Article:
Investing his poetic, sun-drenched images with the friends, family, love and harmony that defines his way of life, award-winning photographer and artist, Mark Borthwick, has become one of the most influential photographers of his generation by following his own vision. Challenging the conventions of fashion photography with experimental images that convey an idiosyncratic humour and optimism, the Brooklyn-based, London-born avant-garde photographer, film-maker and musician Mark Borthwick, has over the past 15 years shot for magazines Purple, Self-service, i-D, Inteview and AnOther Magazine, as well as collaborating with, and shooting campaigns for Comme des Garcons, Martin Margiela, Yohji Yamamoto, Adidas, Nike and Vanessa Bruno. Recently, Borthwick has created films with Mike Mills, Chan Marshal (Cat Power) and Chloe Sevigny, while also regularly creating installations, drawings and texts for unconventional exhibitions that include musical performances, poetry readings and dinner parties. At home with his wife and two children (who are more often than not the subjects of his evocative photographs) in Brooklyn, New York, the multi-talented Mark Borthwick talks unfashionable fashion, his love of people and film versus digital with Indigo Clarke.
Oyster: Your work appears so unselfconscious and optimistic – your images like poetic documents of everyday moments. How did your technique, and love of photography, develop?
Mark Borthwick: After a while, you realise you love everything that you look at – all the people and things that make up your world. So it’s very natural to nurture all those aspects of your life – and that gives you the courage to share these beautiful things, your family and your friends, with people through photography. I am always about letting images breathe – for them to not be about me necessarily, but perhaps remind people of their own lives and sweet moments. I believe the sweetest images are images people can feel. This is something that brings the image back to the beginning. I thrive in that moment – the beginning, which is why I nurture the amateur side of things. I always want to learn and find more. Fashion photography can become very controlled, which is why I moved away from that.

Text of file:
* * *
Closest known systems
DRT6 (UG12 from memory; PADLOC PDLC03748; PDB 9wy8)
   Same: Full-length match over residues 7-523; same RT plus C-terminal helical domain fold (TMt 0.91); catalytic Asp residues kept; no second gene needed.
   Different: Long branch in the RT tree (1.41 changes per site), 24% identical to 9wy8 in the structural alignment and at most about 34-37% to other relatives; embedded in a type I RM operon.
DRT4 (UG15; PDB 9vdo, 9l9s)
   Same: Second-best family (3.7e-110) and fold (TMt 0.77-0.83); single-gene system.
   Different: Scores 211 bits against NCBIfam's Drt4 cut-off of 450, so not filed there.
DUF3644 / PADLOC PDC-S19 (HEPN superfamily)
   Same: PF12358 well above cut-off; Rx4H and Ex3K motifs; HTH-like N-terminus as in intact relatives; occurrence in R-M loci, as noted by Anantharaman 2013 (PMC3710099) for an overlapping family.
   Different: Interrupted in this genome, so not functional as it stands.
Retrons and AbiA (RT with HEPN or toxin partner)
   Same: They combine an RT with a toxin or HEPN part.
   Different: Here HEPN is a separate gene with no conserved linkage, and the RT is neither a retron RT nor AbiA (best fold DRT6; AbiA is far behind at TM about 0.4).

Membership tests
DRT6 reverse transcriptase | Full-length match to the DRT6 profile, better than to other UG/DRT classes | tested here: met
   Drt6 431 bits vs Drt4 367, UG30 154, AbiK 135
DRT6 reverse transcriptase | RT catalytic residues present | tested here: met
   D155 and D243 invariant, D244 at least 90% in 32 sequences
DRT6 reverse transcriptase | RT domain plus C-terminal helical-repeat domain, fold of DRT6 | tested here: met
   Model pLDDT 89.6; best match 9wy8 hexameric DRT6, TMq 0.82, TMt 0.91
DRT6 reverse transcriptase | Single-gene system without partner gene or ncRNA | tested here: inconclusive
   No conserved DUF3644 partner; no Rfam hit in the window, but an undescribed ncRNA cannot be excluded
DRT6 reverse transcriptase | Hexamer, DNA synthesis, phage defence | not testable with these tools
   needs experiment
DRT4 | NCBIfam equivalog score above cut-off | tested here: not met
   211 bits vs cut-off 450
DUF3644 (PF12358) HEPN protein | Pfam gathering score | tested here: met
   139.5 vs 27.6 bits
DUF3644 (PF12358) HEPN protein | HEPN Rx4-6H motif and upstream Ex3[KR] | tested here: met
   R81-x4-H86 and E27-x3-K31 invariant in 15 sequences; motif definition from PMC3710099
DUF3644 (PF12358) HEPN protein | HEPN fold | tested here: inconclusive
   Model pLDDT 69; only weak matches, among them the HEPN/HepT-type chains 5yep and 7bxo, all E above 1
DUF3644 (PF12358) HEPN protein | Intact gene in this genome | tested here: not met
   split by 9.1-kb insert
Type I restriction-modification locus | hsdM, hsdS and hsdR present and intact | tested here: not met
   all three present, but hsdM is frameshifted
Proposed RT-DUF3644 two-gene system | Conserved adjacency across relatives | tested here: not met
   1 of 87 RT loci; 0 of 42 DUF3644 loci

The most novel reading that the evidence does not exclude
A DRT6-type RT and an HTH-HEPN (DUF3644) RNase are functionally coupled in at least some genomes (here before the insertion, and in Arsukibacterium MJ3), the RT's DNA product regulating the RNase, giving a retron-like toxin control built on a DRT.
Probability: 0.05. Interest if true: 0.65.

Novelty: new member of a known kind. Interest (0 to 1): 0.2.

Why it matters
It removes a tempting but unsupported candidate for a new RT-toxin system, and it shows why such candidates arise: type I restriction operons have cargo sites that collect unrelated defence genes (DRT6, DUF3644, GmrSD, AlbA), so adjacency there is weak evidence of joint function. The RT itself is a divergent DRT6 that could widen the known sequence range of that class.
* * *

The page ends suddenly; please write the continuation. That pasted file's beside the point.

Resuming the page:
Oyster: Have you always taken such a personal approach?
Mark Borthwick: Over the course of time you begin to follow your own vision and direction – to trust the way you do things. For me, the light opens this path.
Oyster: Do you literally mean light – like sunlight? Much of your photography involves radiant light and overexposure…
Mark Borthwick: Yes exactly – for me sunlight, and the effect of light on film, has helped me to not have to control the image. I like the light to control the image. Starting out, I was involved mostly with fashion photography for magazines and advertising campaigns – fashion to me just seemed so unfashionable and attached to material codes that didn’t exist for me. So whenever I had the opportunity to shoot fashion there was a conflict – I wasn’t inspired by it, so to make it interesting I would flip it and work my own way. I saw the humour behind fashion – the people that just take it so seriously made me laugh. I wanted to have fun, and create work that was fun even in a fashion context.
Oyster: What inspired your irreverent take on fashion?
Mark Borthwick: I think it was attached to being young when I started out as a photographer, and being so young when I had children – I was just trying to create ways to laugh, smile and reflect myself and my attitude through my work. To me, this gave the images some meaning. There is so much importance placed on fashion images that are actually devoid of any substance – so I was continually questioning the nature of fashion photography. Being older now, I understand what has always driven my work – it is a real love of people. My photography is always about friends and my family, taking those relationships and the environment around me to create a shared experience that is not ego-driven.
Oyster: Do you think your teen years as a punk and new romantic in London, and being a part of that creative, non-conformist scene, inspired your egalitarian attitude?